Mockingboard M

A later revision, sold as a bundle with Mindscape's Bank Street Music Writer, the Mockingboard M consisted of two AY-3-8913 chips and an open socket for one SSI-263 speech chip. Making it equal to a Mockingboard A with only one empty socket. By the time this was shipped it was pretty hard to find the SSI-263 through all the normal channels, it's almost easier today, to find one. New to this model, however, was an integrated headphone jack and a jumper to permit sound to be played through the Apple's built-in speaker.

Audio Maximizer

The Audio Maximizer was basically the same chassis and PCB that made up the Mockingboard D except that only the speakers and amplifier were completed and installed, making this an external speaker box instead of a complete sound generating product. This was probably done as a way to reduce inventory and recoup some investment on the parts created for the Mockingboard D.

Clones and derivatives


The Applied Engineering Phasor card was a combination Mockingboard A and AE Super Music Synthesizer which also had Echo+ support integrated. Essentially the Phasor was the all in one sound card for the Apple II. The AE Super Music Synthesizer, itself, was a clone of, but improved upon, ALF Music Synthesizer. The Phasor included four AY-8913 chips and one SSI-263, with an empty socket for a second one. With the addition of the second SSI-263, the Phasor had 12 channels of sound, four white noise generators and two speech voices. ..and still was available before the x86 platform had sound cards.

Pro MockingBoard

Peninsula Computer Company, Hong Kong, manufactured a typical far eastern clone sometimes referred to as a 'Pro Mocker Board', it had an extra drum channel and non-standard MIDI-out interface as well as an inbuilt 1 Watt stereo amplifier. The design was the combination of two products, the PCL Mocker Board and the Mocker Extension.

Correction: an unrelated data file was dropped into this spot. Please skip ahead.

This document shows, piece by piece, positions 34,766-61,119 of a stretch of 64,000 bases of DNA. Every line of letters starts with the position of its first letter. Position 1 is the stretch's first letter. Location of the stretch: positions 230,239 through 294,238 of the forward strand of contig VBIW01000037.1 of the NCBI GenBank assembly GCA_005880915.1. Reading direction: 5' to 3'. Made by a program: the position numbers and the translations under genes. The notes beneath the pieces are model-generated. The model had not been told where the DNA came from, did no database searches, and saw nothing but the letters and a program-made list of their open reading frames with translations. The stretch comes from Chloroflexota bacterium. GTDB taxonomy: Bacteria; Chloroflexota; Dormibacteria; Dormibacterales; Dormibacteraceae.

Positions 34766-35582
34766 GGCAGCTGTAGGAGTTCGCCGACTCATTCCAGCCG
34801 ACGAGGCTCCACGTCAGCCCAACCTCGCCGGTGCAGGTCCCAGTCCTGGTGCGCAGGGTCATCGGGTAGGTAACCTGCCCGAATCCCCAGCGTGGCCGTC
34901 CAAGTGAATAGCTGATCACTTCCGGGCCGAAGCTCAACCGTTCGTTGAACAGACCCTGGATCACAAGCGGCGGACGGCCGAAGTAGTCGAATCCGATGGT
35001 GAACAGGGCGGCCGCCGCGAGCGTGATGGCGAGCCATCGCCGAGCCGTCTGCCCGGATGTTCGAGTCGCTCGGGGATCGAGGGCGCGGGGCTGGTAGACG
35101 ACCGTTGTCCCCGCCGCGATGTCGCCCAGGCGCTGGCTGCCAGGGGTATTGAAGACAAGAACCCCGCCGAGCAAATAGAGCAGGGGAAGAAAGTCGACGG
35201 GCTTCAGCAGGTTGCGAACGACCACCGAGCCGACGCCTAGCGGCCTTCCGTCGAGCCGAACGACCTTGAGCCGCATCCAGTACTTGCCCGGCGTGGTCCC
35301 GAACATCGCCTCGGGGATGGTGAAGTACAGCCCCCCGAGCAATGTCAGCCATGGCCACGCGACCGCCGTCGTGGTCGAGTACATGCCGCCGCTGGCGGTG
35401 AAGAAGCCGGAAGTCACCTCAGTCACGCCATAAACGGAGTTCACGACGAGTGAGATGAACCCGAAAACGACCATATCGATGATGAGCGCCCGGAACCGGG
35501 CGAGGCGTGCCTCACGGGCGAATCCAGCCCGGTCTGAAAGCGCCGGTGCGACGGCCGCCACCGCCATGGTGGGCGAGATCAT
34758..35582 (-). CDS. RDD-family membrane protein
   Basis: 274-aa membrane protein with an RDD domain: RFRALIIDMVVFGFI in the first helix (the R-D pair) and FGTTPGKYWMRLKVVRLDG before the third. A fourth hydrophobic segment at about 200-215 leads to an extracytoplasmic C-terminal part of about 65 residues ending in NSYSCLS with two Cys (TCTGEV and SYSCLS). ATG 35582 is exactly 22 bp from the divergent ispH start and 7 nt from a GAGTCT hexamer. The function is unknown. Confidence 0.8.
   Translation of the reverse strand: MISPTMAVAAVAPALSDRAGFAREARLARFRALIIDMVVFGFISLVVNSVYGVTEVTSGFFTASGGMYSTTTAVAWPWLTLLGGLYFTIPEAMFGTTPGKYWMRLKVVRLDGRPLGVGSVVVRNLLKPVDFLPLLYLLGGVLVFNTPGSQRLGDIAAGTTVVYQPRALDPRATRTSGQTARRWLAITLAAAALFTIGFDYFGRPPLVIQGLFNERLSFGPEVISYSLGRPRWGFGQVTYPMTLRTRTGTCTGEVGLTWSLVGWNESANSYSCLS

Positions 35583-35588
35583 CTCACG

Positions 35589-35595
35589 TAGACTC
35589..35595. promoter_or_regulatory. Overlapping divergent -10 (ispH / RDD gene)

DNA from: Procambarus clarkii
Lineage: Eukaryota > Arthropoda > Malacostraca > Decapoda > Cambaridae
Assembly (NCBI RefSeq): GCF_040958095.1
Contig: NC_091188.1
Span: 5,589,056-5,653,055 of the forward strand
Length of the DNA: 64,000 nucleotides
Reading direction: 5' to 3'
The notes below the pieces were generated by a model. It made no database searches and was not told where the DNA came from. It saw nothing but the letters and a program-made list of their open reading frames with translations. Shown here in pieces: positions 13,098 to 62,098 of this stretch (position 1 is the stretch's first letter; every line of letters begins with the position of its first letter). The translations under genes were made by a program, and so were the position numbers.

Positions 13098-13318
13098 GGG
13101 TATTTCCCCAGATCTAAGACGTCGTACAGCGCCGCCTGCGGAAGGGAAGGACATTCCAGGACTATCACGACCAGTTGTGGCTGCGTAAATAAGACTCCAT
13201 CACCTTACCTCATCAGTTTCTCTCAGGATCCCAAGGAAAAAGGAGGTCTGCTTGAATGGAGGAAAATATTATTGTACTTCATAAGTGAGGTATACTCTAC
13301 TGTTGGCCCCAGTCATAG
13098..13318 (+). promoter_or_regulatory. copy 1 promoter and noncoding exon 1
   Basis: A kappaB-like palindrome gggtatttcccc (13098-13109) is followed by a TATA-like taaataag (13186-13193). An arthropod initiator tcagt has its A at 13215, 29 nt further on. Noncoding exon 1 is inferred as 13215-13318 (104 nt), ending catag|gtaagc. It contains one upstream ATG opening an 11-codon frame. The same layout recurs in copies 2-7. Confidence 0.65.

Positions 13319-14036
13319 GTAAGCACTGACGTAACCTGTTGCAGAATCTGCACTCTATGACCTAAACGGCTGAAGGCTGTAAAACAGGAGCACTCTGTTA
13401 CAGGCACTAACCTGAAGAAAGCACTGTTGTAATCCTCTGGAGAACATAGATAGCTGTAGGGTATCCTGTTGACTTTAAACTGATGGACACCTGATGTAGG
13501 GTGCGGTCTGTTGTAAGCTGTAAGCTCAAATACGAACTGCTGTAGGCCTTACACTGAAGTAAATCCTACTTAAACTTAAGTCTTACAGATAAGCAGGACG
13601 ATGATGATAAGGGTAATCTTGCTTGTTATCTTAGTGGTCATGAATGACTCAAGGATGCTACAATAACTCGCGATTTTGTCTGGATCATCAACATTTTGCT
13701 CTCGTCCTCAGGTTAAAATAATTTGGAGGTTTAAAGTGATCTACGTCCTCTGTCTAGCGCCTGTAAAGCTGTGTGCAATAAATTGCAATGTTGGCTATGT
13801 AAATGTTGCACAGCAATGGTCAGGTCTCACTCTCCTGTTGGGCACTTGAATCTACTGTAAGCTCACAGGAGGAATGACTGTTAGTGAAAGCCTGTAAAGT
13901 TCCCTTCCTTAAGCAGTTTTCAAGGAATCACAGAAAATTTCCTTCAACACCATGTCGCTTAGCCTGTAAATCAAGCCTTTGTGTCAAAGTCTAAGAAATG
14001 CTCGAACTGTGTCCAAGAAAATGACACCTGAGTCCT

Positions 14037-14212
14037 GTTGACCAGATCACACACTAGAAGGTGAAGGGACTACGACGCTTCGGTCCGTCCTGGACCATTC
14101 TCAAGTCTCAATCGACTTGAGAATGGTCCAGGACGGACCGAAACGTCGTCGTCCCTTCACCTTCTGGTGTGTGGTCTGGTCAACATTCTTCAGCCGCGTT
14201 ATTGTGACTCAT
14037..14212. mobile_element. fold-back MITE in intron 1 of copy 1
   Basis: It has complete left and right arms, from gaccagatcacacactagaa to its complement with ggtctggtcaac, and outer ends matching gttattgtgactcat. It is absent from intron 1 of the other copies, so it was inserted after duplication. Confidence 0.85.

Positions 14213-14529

Mockingboard v1

The V1 is clone of the Mockingboard A from Reactive Computers,

Mockingboard enhanced titles

Adventure Construction Set
Berzap! - A clone of the classic, (current at the time) arcade game, Berzerk!
Broadsides (SSI)
Crimewave - Speech supported
Crypt of Medea - Speech supported
Cybernoid Music Disk
Guitar Master - Guitar tutoring.
Lady Tut, specific Mockingboard version
Mockingboard software (Sweet Micro Systems)
Mockingboard Developers Kit
Mockingboard Speech Developers Kit
Music Construction Set, different revisions do more as released.
Music Star - The OEM version did not support the Mockingboard, it was later patched by the underground to use the Mockingboard instead of the proprietary hardware that shipped with it.
Night Flight
One on One - Opening sequence music only.
Phasor software (Applied Engineering)
Rescue Raiders v1.3 - (SSI263 speech only)
Silent Service (Microprose)
Spy Strikes Back
Thunder Bombs
Ultima III, original release did not support the Mockingboard
Ultima IV
Ultima V - Supported two Mockingboards
Under Fire
Willy Byte
Zaxxon, specific Mockingboard version.

Other resources - Apple II Sound & Music Software